We have received our first Christmas card here in the Bowker household. We're putting its early appearance down to a combination of my aunt's ruthless efficiency and her desire to ensure it made it from the Antipodes before, rather than after, Christmas. Despite the fact that I try my hardest to push Christmas from my mind until my birthday, which is at the beginning of December, has passed (Chanukah often falls over my birthday; it has a pass-card), it's probably about the right time to unveil this year's Photocritic Holiday Gift Guide.
We've put together seven bundles of suggestions for all types of photographers, ranging in price and practicality. We're kicking things off with ideas for beginner photographers. Assuming that they're set up with a camera, any of these items should be on a newbie's wish-list.
No photographer should be without a tripod. I happen to have more than one. And a monopod. But a beginner doesn't need such an extensive collection. Just the one will do, and the Manfrotto G-2015 is excellent value for money at $30.
The first lens I acquired for my first dSLR was a 50mm ƒ/1.8. That camera has long gone, but the lens remains in my camera bag. It's battered and bruised, but still my go-to lens. I wouldn't be without it, and neither should anyone with a camera.
Their affordability and ready availability, as well their photographic adeptness, makes them great gifts.
Lens cleaning kit
Yes, it's terribly mundane, but it's also terribly useful. Don't let anyone out without a lens cleaning kit. You can pick up this nifty one, which includes a brush, blower, and microfibre cloth, for a little over $10.
My camera bag criteria are extensive and demanding, but high up the list is for it not to look like a camera bag. Apart from having an obsession with bags that's marginally milder than my obsession with shoes, I'm in no way inclined to mark out the contents of my bag as being a desirable target for nefarious types. For a versatile, not-too-obviously-a-camera-bag-camera-bag, we'd recommend the Lowepro Urban Photo Sling 250. Right now, they're also cracking value for money, at about $45 in the US and £37 in the UK.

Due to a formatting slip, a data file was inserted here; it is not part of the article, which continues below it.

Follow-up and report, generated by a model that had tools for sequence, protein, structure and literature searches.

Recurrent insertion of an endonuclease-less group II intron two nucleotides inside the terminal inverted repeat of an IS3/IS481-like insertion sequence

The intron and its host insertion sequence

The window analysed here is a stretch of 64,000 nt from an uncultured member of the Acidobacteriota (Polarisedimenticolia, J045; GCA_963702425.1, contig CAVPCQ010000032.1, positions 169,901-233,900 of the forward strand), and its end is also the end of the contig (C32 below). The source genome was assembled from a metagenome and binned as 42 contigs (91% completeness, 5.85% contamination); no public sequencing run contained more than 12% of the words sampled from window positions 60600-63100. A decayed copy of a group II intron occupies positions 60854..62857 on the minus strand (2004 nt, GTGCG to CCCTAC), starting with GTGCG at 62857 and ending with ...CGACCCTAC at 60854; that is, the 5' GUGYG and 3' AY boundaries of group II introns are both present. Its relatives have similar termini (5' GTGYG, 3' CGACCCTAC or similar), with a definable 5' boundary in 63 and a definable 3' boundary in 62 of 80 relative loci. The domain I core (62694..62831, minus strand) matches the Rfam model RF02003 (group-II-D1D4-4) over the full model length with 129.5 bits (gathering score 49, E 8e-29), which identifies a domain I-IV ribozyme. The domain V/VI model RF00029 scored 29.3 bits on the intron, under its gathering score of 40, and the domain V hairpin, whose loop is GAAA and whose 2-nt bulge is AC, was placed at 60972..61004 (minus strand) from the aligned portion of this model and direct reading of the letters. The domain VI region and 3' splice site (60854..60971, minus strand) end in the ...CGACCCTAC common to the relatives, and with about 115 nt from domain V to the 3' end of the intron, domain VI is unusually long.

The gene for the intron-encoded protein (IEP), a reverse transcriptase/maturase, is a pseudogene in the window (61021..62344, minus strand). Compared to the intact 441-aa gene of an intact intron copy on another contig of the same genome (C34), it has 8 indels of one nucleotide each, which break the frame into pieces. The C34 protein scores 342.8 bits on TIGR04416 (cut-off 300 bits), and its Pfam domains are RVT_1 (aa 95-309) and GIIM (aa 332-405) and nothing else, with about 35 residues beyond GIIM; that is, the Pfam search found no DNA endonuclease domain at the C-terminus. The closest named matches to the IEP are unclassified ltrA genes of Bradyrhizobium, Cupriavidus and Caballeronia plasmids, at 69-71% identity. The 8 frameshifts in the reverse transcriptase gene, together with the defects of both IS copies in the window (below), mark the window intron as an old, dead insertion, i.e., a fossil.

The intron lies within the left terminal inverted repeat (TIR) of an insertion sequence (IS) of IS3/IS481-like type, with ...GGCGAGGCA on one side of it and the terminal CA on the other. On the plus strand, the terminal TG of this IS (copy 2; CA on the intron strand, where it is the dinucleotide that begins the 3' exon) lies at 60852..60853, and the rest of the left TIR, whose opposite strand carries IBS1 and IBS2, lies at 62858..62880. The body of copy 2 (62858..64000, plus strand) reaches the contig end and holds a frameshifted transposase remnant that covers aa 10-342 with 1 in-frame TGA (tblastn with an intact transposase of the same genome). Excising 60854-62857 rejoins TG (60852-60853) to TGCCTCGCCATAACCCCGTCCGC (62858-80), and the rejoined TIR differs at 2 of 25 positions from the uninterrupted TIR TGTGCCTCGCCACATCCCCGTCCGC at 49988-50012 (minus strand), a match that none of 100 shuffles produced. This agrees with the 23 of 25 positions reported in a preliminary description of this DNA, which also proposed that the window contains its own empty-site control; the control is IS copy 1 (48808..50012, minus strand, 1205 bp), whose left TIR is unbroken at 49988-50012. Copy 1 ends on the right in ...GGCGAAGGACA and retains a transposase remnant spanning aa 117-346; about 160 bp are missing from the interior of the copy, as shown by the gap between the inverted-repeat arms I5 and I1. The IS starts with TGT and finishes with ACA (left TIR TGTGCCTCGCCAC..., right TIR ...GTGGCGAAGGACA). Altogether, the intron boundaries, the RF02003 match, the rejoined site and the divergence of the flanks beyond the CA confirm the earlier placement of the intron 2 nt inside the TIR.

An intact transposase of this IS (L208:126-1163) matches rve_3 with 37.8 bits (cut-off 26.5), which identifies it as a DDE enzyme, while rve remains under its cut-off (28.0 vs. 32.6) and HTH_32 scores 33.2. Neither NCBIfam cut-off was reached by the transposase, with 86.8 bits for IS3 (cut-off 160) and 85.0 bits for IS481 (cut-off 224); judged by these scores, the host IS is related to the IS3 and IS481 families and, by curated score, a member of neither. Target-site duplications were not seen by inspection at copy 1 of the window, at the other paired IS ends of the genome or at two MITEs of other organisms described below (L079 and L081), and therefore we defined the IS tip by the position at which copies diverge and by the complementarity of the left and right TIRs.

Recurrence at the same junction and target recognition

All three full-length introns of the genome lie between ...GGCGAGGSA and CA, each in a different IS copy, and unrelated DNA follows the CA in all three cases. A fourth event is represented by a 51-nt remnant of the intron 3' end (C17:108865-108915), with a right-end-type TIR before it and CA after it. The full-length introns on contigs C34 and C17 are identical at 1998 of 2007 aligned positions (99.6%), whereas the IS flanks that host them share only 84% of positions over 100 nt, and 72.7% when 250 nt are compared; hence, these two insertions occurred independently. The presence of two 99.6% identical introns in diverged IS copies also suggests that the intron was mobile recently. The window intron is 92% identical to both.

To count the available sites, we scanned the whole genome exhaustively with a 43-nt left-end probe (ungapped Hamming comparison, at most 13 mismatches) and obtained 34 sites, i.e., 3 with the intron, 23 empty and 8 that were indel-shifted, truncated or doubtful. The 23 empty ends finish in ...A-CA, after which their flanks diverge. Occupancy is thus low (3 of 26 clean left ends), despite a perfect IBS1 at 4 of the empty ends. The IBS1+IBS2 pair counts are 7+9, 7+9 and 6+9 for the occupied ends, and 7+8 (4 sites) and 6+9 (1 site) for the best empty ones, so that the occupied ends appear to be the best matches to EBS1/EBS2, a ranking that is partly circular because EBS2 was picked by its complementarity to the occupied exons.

For something much more discreet, and definitely aimed at a mirror-less camera, have a look at the Cosyspeed system. Haje recently gave one a run for its money with very positive results.
External hard drive
Twenty-plus megapixel images have a habit of eating up computer hard drive capacity as Team Photocritic does ice cream. Storing them on an external hard drive (or two or three for security purposes) is a far more practical solution. A portable terabyte of storage might not excite anyone, but the recipient will be grateful for it. If not immediately.
When you're shooting in JPEG, an all-singing and all-dancing editing suite might not seem a necesity. But it soon becomes one when you make the switch to Raw. And if you've a Raw-capable camera, why wouldn't you? It gives you unprecedented control over the appearance of your images. While I'm no fan of Adobe's Creative Cloud, it is still possible to purchase a stand-alone copy of Lightroom. And I do love me some Lightroom.
Once you have the bare bones of a kit, the most important investment you can make to improve your photography is in yourself. That comprises books, courses, and time spent practising and evaluating your skills. We know we're biased, but we do believe that Haje's Ilex Introduction to Photography is a fabulous starting point.
Terry's Chocolate Orange
Because why ever not?